At the next meeting of the McAlester City Council, a representative for a church association said he planned to present a resolution against the city’s decision to remove street sign silhouettes with soldiers kneeling before a cross.
“I’m on the agenda for the Aug. 28 meeting,” said James Prince, chairman of the Gaines Creek Association of Free Will Baptists. He referred to the McAlester City Council’s meeting set for 6 p.m. that day at city hall.
City council meetings are open to the public.
City Manager Pete Stasiak said he had the silhouettes removed after he received a complaint and after checking with city attorney Joe Ervin. He said Ervin told him the religious depictions atop city-owned signs would be a conflict of church and state.
Tuesday, Stasiak he did not recall who made the initial complaint to remove the silhouettes.
“That was months ago,” Stasiak said. “I don’t remember who it was.”
Meanwhile, the city manager said he has not seen the proposed resolution from the Gaines Creek group.
Prince said he will present the resolution asking the city council to reverse the Stasiak decision to remove the silhouettes.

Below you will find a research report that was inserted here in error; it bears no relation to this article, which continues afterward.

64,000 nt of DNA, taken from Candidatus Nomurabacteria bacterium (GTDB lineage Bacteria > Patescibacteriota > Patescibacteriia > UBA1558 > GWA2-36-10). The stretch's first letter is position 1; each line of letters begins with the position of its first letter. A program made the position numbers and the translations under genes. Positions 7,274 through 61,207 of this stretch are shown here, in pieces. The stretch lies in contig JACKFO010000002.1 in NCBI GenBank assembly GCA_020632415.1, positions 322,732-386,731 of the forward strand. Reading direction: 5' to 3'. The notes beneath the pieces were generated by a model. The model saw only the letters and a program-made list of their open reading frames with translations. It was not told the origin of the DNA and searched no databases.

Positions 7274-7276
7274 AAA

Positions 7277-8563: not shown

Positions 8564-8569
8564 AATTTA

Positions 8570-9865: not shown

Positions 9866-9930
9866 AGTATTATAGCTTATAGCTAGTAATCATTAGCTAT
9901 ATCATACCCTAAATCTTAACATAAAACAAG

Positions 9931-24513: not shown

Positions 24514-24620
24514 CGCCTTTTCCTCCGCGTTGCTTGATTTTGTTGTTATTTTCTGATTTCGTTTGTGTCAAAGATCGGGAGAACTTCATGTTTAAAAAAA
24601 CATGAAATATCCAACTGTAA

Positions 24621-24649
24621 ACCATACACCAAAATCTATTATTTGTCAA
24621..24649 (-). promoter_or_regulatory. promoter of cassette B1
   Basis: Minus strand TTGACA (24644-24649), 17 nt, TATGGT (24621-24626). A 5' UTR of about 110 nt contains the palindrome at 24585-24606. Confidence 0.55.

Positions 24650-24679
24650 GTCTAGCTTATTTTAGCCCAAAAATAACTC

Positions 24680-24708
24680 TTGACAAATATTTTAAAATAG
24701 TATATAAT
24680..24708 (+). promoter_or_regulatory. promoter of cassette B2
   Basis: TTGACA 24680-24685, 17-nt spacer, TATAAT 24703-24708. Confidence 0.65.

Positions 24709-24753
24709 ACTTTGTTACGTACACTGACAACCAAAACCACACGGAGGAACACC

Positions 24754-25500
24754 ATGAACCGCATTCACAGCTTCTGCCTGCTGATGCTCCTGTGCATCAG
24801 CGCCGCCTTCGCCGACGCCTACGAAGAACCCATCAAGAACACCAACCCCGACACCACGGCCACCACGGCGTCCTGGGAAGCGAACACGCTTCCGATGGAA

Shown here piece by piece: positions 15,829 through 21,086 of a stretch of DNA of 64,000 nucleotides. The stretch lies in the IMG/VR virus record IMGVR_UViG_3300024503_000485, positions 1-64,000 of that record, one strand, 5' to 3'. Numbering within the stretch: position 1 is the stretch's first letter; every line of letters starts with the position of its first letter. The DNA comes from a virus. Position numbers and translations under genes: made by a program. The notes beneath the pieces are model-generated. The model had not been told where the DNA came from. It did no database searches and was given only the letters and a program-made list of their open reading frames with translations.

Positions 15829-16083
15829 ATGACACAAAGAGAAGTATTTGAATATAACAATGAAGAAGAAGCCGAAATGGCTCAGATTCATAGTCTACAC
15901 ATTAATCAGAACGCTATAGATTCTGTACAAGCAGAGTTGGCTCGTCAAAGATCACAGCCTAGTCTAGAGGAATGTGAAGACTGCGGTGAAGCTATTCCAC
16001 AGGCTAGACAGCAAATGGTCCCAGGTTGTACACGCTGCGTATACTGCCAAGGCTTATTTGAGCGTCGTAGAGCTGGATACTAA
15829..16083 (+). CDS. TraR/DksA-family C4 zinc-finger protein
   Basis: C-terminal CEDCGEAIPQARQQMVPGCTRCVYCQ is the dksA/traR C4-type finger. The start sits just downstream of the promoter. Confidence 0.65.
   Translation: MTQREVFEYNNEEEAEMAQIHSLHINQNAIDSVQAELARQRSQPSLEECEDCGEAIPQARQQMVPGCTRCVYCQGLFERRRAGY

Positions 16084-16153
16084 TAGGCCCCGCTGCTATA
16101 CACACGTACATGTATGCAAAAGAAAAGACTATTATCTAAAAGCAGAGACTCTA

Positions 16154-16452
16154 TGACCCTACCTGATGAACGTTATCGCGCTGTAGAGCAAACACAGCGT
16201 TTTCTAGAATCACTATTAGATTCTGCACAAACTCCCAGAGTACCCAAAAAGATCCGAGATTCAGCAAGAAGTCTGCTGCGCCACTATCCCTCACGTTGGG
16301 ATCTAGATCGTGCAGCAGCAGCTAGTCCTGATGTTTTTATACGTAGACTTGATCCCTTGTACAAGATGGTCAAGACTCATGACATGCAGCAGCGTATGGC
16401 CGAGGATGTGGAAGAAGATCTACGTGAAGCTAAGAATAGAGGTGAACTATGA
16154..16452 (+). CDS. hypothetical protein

The association includes six Free Will Baptist churches: New Hope, Fellowship, Canadian Shores, Stuart, Bethel and Tannehill.
The silhouettes were placed on street signs throughout downtown by the city and were paid for by McAlester resident Bob Wallace. The silhouettes — black, one-dimensional cutouts — depict mostly small town- and western-themed scenes. Only the ones with crosses were removed by the city.
McAlester resident Bill Derichsweiler said he was given the religious silhouettes by Wallace after they were removed and he questioned the reason.
“I couldn’t believe the city took those silhouettes down,” Derichsweiler said.
Last month, Wallace said he wasn’t happy with the city’s decision.
“I was upset and shocked,” he said. “We are in the Bible belt. This is a Christian nation.
“We’ve drifted so far away from Christian values.”
He said when the silhouettes were originally installed on the city street signs, he worked with Stasiak and then went with city workers to each sign. The ones bearing crosses were placed on signs near the churches on Washington Avenue, Derichsweiler said.
Meanwhile, the resolution dated Aug. 12 asks the McAlester City Council to reverse the city manager’s decision because removal discriminates against Christians. And that because the silhouettes picture soldiers kneeling in silent prayer, they should be allowed.
“The Gaines Creek Association of Free Will Baptists stand opposed to the removal of the ‘figurines’ depicting U.S. military kneeling in silent prayer ...”
Jeanne LeFlore writes for the McAlester News.